Peter Brook’s The Empty Space famously begins,
I can take any empty space and call it a bare stage. A man walks across this empty space whilst someone else is watching him, and this is all that is needed for an act of theatre to be engaged.
Playing and Playgoing in Early Modern England: Actor, Audience, and Performance explores the intersections between the three realms of enquiry opened up by Brook, to focus on the player-playgoer relationship at the heart of early modern performance.
First, we explore the ‘player’: the ‘man’ (or youth, or girl) who walks (or marches, or dances, or runs, or trips, or slips suddenly away). How does an early modern player perform a virginal girl, a shamefaced blush, a ‘dead likeness’, or Othello’s trance? In tracing these questions, our contributors explore the embodied skill of the player in relation to pre-Reformation performance traditions, textual traditions of art and art history, and cultures of devotion, shame, discrimination, and identification.
Secondly, the ‘playgoer’: the ‘someone’ who is watching (and listening, clapping, shouting, stamping, nodding, identifying, and judging). The chapters in this volume illuminate the relationships between the individual playgoer (whether recovered through archival traces, or hypothesised in relation to the records of theatre programming), the imagined or implied playgoer (as registered in the paratexts of anxious or frustrated authors, and in theatrical stereotypes and onstage depictions), and the community of playgoers (both the composite ‘audience’, and the myriad ‘audiences’). Our contributors offer new insights into the experiences of documented playgoers, suggest new ways of understanding the relationship between theatre professionals and those for whom they wrote, and reconceptualise early modern drama itself in light of this relationship.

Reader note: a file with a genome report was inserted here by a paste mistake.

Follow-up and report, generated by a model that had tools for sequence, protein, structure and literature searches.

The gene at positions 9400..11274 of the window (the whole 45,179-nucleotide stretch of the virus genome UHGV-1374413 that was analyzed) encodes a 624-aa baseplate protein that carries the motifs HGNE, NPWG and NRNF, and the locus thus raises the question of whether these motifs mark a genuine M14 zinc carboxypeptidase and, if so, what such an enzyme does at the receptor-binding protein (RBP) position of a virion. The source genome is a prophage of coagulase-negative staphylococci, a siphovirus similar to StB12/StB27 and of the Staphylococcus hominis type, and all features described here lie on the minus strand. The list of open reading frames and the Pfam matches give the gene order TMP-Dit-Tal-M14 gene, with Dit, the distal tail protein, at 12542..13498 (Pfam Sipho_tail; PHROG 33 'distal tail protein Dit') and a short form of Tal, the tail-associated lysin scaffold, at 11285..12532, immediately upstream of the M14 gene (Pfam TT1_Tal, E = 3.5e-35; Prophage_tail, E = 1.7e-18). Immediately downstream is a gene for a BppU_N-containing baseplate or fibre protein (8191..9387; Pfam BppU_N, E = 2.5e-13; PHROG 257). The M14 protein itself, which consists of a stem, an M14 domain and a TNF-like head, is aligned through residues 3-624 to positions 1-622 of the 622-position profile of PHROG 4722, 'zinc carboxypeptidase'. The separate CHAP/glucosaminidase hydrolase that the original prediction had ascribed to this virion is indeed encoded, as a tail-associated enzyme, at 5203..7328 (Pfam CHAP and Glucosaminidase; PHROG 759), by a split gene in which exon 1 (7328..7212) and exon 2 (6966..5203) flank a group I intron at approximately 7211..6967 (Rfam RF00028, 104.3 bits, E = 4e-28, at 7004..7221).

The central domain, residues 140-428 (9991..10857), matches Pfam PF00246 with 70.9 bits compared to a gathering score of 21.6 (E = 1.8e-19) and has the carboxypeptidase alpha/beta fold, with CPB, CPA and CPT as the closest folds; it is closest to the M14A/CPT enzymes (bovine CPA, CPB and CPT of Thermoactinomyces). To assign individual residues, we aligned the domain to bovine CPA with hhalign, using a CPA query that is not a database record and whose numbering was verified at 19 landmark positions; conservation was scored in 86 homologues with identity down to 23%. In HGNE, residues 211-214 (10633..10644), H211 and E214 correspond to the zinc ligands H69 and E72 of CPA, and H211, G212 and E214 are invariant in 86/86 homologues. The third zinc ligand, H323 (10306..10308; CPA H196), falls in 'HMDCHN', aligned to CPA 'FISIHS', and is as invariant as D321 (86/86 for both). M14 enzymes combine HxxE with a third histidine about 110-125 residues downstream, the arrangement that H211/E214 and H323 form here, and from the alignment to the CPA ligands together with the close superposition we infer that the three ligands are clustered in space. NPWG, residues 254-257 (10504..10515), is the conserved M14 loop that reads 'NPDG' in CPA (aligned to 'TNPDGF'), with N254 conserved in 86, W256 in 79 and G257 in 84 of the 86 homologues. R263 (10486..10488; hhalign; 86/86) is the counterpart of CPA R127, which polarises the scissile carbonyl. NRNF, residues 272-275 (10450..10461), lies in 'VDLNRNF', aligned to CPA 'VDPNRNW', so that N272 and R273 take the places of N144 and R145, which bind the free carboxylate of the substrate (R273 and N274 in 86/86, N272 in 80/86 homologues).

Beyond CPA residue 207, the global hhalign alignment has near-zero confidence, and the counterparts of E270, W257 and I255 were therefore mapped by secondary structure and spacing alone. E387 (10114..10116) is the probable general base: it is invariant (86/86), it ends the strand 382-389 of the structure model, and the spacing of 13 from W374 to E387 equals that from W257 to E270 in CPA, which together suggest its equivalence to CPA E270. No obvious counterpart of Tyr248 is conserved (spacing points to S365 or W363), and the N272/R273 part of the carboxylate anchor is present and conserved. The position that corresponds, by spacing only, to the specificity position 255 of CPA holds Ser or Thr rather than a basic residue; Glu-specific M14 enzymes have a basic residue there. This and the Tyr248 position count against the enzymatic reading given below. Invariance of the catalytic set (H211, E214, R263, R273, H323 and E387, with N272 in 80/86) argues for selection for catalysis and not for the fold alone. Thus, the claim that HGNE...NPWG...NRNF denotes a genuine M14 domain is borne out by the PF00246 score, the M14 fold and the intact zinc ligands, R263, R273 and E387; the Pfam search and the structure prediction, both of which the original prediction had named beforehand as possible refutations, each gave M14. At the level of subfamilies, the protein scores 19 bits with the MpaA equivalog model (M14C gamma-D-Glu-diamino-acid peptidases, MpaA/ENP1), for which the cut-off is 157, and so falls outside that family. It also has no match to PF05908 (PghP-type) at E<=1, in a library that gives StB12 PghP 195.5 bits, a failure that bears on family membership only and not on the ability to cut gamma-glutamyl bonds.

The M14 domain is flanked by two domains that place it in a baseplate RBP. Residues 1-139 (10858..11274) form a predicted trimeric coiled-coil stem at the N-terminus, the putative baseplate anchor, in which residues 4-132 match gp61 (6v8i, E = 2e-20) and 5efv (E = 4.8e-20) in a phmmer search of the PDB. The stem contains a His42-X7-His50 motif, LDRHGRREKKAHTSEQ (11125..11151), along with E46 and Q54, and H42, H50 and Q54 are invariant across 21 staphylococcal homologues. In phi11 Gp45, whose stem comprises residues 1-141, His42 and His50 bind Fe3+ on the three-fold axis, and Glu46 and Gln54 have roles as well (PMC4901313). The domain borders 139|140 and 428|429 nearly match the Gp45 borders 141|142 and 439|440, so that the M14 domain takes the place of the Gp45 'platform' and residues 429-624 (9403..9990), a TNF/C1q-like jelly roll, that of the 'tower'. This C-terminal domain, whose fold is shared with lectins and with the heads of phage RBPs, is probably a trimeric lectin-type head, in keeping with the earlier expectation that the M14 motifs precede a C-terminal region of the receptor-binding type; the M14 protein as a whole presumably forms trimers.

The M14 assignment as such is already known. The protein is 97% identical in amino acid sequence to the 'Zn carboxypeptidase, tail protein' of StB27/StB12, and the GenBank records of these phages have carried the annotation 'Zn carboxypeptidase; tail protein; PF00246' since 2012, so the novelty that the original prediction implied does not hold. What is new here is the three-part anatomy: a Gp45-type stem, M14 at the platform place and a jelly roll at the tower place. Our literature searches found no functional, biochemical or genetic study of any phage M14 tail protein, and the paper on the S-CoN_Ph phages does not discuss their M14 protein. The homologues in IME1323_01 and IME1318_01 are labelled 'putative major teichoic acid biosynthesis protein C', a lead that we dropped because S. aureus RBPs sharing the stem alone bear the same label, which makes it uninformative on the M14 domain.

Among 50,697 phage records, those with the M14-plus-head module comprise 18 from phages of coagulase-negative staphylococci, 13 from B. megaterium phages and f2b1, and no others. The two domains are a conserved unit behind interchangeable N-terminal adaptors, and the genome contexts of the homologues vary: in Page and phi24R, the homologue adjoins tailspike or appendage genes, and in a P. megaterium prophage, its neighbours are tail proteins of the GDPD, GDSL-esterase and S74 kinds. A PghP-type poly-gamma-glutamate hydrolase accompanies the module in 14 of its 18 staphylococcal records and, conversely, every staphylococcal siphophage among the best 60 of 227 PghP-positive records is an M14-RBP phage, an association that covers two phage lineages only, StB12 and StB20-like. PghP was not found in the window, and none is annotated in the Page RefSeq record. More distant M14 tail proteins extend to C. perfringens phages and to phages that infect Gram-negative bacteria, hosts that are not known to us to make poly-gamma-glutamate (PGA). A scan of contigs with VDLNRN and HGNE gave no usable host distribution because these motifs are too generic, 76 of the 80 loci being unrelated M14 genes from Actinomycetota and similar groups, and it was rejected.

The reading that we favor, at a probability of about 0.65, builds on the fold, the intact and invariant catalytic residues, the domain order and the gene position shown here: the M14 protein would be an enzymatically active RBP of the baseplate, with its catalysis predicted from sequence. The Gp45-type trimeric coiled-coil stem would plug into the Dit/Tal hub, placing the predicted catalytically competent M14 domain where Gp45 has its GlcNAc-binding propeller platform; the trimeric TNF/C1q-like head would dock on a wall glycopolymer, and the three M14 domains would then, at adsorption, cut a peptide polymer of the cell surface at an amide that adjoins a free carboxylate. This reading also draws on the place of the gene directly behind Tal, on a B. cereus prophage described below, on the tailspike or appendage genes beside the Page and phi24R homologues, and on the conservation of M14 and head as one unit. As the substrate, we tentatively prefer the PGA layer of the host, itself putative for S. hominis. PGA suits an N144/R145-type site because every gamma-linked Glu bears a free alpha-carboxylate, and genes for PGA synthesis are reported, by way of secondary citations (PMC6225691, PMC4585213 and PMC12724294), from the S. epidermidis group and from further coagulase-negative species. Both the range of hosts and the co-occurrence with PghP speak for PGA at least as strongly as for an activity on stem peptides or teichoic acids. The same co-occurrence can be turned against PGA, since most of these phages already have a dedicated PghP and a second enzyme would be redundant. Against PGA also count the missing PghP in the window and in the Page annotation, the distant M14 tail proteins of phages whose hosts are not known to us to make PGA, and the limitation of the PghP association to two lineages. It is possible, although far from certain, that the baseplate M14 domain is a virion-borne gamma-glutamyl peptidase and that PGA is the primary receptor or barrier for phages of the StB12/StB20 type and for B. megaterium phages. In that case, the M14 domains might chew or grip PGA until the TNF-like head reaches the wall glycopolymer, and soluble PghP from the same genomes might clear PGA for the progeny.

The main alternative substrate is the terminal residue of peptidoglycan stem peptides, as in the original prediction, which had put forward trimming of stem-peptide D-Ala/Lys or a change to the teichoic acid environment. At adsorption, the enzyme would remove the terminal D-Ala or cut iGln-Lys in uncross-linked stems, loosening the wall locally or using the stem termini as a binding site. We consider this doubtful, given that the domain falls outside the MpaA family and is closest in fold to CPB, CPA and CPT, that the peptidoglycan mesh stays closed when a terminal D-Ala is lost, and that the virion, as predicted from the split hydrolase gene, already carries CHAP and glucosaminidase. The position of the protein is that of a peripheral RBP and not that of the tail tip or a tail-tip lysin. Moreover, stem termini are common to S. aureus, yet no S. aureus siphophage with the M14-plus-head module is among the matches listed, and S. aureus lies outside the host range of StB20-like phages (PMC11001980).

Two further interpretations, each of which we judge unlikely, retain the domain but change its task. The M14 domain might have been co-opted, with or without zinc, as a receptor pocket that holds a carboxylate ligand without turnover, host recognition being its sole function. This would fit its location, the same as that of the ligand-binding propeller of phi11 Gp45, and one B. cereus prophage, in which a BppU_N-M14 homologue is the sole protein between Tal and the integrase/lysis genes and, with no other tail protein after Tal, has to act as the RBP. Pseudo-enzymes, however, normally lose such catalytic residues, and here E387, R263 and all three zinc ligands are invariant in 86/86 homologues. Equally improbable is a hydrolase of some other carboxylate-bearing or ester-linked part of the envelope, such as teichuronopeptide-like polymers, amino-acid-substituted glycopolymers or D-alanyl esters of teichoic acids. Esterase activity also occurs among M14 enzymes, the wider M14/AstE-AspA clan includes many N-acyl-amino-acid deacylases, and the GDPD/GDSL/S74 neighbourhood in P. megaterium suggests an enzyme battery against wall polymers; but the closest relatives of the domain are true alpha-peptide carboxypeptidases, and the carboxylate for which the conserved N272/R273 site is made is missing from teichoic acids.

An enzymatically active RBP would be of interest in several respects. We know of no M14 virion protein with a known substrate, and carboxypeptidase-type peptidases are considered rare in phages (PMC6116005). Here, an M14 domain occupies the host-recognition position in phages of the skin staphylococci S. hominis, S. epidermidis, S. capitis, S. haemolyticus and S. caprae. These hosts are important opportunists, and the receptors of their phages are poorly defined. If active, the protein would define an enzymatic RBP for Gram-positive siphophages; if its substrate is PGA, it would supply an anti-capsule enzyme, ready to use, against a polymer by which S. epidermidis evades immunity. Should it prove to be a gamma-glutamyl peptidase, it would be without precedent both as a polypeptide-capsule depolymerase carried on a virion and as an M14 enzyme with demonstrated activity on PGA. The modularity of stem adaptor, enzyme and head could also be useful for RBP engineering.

And thirdly, the ‘playhouse’: the stage itself, and the spaces – physical, social and conceptual – that surround it. In recent years, theatre historians have demonstrated that in the early modern playhouse, the stage was neither empty nor bare. Our volume asks what we can learn if we attend to the ‘fullness’ of the playhouse itself – as a conceptual and social space as well as a theatrical one – and the implications of this ‘fullness’ for the plays first performed there four centuries ago and more.
Playing and Playgoing shows how playhouses
were far from Brook’s bare stages or empty spaces: they were multisensory
places of play, pleasure, interactivity, imagination, and community. These
spaces – and the player-playgoer relationships they facilitated – shaped the
sophisticated, meta-theatrical reflections on performance that playwrights
produced for their stages. In tracing these reflections, this volume argues that the study of
theatrical culture is crucial to the scholarly investigation of dramatic texts:
not merely of historical interest, but necessary for a full understanding of
the plays themselves.
 Peter Brook, The Empty Space (London: Penguin Classics, 2008 [first published 1968]), 1.
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